On January 26, 2013 the Orange County Human Relations Commission held the second in a series of “Listening Sessions” at the the Yorba Linda Friendship Baptist Church, inviting African-American community members to share their stories, challenges, and celebrations of living in Orange County. The first session was held December 8 at Christ Our Redeemer AME Church in Irvine. The “Listening Sessions” wer prompted by the experiences of an African-American family who were targeted by hate in Yorba Linda.
Sunday afternoon an African American 15 year old high school student told me a White student with a shaved head and covered with tattoos was threatening to kill all Blacks on campus in online posts. He said they complained, so the administration searched his backpack and found a gun. He also shared that a group of students were planning to come to school dressed as KKK members at Halloween, and that the school stopped this as well. He said that someone put up posters on campus that read, “You can’t hide in the shadows, we will find you”, in connection with these threats. He said that White kids on campus think that it is OK to use the word, Nigger, because they have a friend that is Black…But it is not OK.
This high school student was part of approximately 150 members of Friendship Baptist Church in Yorba Linda and friends who joined OC Human Relations for a Listening Session. Commissioner Doug Wooley attended services and was introduced by Rev. Ken Curry and made an announcement that helped draw a great group.
Two city council members attended, as well as a handful of local concerned Yorba Linda residents.
The following report of the January 26 session is from KABC-TV Los Angeles.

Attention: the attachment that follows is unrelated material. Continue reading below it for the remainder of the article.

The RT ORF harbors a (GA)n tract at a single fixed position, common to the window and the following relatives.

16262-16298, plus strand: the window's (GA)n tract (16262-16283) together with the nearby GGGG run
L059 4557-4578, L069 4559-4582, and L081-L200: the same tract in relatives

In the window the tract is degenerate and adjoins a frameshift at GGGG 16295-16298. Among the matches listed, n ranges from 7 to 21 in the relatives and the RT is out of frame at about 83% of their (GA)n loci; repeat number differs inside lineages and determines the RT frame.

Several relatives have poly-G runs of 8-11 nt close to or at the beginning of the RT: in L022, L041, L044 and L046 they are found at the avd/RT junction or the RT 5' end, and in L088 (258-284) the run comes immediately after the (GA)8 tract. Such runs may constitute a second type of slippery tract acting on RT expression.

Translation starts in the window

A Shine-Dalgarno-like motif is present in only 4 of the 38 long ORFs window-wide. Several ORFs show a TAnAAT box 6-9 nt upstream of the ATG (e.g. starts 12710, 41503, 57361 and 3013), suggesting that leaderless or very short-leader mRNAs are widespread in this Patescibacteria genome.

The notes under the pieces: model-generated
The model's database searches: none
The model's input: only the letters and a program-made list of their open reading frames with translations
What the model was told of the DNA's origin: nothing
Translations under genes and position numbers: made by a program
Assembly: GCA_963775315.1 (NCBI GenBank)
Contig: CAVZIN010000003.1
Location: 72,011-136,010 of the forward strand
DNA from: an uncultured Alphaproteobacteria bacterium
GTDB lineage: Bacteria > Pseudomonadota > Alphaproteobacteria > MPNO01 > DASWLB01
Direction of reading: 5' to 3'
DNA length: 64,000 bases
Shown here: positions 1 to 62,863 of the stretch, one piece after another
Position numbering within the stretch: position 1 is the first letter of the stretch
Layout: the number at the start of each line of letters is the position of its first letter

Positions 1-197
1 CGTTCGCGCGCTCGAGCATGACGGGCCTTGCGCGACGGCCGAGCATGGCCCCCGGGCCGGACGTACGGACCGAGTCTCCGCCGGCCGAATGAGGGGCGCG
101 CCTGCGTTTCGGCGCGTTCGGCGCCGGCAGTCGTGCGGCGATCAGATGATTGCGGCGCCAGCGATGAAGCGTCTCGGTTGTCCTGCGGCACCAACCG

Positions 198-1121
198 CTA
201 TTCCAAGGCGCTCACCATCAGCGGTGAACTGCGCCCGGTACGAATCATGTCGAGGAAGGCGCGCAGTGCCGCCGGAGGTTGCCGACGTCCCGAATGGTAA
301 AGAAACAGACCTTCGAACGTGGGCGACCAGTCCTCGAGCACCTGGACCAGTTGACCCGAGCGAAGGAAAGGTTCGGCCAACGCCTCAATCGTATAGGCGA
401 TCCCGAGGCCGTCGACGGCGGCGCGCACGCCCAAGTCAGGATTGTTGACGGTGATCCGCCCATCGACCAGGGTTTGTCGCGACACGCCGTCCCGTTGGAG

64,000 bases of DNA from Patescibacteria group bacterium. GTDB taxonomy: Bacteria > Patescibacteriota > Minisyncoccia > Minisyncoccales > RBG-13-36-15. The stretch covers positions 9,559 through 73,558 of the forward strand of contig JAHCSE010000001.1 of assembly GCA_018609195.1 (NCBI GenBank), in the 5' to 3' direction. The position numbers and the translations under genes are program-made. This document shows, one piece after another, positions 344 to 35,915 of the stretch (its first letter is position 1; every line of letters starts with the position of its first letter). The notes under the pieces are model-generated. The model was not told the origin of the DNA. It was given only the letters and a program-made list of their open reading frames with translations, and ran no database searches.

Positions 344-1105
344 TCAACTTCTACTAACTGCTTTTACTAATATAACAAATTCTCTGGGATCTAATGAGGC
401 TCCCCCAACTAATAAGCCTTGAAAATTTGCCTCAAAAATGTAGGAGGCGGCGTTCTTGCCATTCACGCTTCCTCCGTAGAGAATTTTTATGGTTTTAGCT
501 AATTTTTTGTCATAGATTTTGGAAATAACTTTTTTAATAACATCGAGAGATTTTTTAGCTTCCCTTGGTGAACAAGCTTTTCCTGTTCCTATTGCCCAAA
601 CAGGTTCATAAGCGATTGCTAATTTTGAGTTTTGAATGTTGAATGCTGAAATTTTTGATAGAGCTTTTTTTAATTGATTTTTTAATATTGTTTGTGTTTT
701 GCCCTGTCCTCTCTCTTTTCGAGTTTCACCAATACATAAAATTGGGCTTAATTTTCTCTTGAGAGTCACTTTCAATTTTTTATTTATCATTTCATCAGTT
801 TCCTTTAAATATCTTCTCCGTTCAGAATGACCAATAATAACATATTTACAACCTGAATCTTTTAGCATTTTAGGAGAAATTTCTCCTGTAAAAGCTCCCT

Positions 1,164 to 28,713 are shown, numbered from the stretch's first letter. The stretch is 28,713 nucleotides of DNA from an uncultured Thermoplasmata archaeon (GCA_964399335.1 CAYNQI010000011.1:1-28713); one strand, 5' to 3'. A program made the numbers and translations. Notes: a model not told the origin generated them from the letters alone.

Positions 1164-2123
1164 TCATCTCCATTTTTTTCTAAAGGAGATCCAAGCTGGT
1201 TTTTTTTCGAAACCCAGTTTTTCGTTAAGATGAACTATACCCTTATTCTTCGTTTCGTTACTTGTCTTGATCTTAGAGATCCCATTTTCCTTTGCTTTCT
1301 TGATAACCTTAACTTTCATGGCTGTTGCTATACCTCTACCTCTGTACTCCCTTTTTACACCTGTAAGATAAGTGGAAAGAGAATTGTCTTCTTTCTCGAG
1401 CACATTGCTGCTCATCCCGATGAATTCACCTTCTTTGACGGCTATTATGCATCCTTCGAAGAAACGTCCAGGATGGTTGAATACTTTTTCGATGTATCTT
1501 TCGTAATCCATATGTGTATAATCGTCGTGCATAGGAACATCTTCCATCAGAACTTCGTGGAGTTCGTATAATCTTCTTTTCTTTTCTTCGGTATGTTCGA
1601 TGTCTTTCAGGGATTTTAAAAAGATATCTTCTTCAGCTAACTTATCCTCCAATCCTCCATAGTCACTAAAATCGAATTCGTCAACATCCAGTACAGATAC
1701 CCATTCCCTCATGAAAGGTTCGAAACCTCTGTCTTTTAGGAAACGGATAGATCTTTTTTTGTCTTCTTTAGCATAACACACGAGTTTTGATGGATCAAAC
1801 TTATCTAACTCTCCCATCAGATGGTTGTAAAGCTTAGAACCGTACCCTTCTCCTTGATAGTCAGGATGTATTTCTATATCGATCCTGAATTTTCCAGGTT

Orange County hosts hate crime discussion for residents
Amy Powell, ABC7 Eyewitness News.
YORBA LINDA, Calif. (KABC) — A meeting was held in Orange County on Sunday to allow people to speak up about racially motivated harassment and vandalism.
The afternoon event held at Friendship Baptist Church in Yorba Linda was the second of three gatherings organized in response to hate crimes against a family who lived in the city. About 100 people gathered at what the Orange County Human Relations Commission described as a listening session.
In October, an African-American couple reported several alleged hate crimes to the commission. They said rocks were thrown through their windows in the middle of the night, car tires were slashed, racial epithets were yelled at one of their two sons and acid pellets were fired into their garage. The family said they were forced to move away.
“It became a community issue,” said Rev. Kenneth Curry of Friendship Baptist Church. “The community became aware of it, there were members in our church that were very concerned and they wanted to know, ‘What can we do to address this issue?'”
The commission said African Americans are the most frequent target of hate crimes in the county.
“I think it resonates among the Africa-American community that there are things that are happening not to everybody, not all the time, not the defining reality, but part of life that we’re very unaware of and the rest of the community, and that’s why we’re here,” said Rusty Kennedy, the commission’s executive director.
A similar meeting is scheduled to be held in Santa Ana.
(Copyright ©2013 KABC-TV/DT. All Rights Reserved.)
Story by Amy Powell